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Automated screening of compounds libraries

Published on 21 August 2020



Collaborations and service activities
Leader Caroline Barette

The role of this activity is to allow academic laboratories access to the necessary tools to perform chemical genetics screens.

Chemogenetic approaches require several essential elements, all available at the CMBA: a collection of chemical compounds, an automated screening platform, miniaturised tests, and an information system allowing recording and analysis of data ("TAMIS" software). This screening activity is carried out in collaboration with the project leaders from academic laboratories. More rarely, this activity is also available to industrial laboratories. Almost 20 screening projects have been completed or are ongoing.

A screen can be summarised as follows:
• Analysis of the project and evaluation of its feasibility.
• Advice and assistance for miniaturisation.
• Access to the screening laboratory and apparatus for adaptation of the tests.
• Access to collections of chemical compounds, as part of inter-platforms agreements and links with compound library suppliers (when compound libraries are distributed through academic laboratories).
• Assistance in the choice of chemical collections to test, depending on the ultimate aim.
• Robot programming and optimisation of the test.
• Screening of all or part of the collections of chemical compounds in 96-well plates.
• Analysis and selection of hits.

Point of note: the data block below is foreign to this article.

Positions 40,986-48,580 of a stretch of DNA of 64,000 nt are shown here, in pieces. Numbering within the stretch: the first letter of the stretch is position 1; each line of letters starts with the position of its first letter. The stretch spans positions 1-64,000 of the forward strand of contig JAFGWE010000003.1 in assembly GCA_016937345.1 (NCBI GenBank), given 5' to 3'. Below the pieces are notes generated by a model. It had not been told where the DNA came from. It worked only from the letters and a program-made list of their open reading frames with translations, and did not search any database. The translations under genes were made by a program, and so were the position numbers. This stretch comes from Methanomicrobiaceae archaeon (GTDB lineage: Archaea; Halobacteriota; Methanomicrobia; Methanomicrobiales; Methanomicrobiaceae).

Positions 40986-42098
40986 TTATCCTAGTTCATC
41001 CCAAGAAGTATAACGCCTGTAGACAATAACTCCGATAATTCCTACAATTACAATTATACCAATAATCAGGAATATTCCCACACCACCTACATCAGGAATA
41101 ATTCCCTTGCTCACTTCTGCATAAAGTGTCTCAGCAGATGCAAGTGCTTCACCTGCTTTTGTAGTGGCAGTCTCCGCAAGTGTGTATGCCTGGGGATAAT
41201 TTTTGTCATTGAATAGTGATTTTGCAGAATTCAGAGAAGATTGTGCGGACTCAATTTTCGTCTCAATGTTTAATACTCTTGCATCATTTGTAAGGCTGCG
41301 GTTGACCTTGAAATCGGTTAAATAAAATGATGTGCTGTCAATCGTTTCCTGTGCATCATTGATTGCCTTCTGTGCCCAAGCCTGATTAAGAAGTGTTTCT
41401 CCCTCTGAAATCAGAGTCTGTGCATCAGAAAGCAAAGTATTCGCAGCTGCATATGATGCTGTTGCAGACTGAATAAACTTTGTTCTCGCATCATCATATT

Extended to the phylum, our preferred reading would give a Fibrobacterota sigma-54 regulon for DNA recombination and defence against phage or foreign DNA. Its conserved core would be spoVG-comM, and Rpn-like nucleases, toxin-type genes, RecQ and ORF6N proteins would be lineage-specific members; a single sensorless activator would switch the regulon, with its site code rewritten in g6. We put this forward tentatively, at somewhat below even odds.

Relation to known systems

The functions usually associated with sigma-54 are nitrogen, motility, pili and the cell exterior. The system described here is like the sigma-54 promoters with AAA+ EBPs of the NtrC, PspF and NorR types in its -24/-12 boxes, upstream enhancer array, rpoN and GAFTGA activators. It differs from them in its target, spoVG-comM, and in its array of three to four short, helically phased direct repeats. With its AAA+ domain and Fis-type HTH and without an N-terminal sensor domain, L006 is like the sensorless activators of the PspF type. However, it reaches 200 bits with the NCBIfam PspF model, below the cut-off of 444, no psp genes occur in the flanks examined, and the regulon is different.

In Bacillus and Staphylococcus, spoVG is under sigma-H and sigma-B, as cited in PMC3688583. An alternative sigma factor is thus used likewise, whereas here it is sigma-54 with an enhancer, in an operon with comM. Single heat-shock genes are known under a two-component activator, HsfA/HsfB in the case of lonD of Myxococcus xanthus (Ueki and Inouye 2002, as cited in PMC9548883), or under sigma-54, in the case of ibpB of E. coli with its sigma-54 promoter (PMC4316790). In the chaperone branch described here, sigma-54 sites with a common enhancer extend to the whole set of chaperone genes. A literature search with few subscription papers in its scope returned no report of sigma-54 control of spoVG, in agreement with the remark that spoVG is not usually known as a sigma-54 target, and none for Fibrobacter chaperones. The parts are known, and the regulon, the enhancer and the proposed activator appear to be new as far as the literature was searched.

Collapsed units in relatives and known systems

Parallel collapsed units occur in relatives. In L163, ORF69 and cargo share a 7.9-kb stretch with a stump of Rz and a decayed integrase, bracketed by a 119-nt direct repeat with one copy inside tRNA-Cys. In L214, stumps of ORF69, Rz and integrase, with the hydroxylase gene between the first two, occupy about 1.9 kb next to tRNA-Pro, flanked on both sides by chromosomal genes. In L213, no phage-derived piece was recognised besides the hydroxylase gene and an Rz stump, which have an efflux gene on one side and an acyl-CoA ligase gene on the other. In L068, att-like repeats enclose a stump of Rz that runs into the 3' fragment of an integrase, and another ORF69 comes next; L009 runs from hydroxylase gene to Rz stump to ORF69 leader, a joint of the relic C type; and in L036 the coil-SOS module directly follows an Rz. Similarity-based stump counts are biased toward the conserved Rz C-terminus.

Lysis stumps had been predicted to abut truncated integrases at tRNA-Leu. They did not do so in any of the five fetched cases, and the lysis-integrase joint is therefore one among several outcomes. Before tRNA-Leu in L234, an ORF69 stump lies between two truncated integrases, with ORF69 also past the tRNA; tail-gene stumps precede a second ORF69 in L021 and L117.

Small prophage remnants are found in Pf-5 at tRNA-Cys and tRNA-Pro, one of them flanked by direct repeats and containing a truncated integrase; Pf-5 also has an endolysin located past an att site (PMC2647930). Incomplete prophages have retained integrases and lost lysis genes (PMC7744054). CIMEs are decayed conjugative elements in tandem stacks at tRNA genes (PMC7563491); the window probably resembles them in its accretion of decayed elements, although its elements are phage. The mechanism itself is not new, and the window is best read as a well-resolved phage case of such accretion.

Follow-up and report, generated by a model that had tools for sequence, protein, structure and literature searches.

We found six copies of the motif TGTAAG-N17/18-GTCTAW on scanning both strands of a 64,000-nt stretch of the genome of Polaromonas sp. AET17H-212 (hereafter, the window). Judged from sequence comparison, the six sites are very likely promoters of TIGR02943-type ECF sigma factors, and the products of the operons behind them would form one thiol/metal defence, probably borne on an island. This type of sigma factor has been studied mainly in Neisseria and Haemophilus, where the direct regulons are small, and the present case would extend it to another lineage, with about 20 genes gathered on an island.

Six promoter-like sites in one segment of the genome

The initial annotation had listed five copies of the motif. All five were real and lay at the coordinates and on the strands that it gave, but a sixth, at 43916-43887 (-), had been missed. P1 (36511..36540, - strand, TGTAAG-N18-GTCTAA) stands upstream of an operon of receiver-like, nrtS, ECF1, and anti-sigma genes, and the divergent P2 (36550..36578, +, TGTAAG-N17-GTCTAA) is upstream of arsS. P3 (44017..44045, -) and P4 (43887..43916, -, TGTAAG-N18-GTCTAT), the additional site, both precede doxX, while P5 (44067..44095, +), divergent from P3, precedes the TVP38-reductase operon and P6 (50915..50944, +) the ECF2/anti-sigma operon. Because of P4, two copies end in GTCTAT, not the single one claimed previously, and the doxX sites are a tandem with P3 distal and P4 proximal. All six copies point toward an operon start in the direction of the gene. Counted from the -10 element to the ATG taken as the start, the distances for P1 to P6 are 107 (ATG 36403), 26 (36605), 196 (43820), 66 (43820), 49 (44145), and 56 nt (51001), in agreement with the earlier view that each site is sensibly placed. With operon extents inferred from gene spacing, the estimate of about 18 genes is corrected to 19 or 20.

• Hit-picking and validation screening.
• Transfer of results (minimally as raw data associated with the structures of the compounds from the compound library) both to the project leader (biologist) and to the chemists holding the compound libraries (only in the case of academic screens).

The search for commercially available structural analogues is carried out by external experts (chemists) and their synthesis can be carried out in collaboration with the CCHD (Saclay).

In parallel to its screening activity, the CMBA has developed the TAMIS software for the analysis and management of chemical and biological data. This software was developed with the software engineers at the CEA (EDyP and GIPSE) and is regularly implemented through the participation of the CMBA. In addition, the CMBA collaborates with Robert Nadon (Université McGill, Canada) for the development of a new statistical method for the analysis of automated screening data, in order to be able to detect weakly bioactive compounds.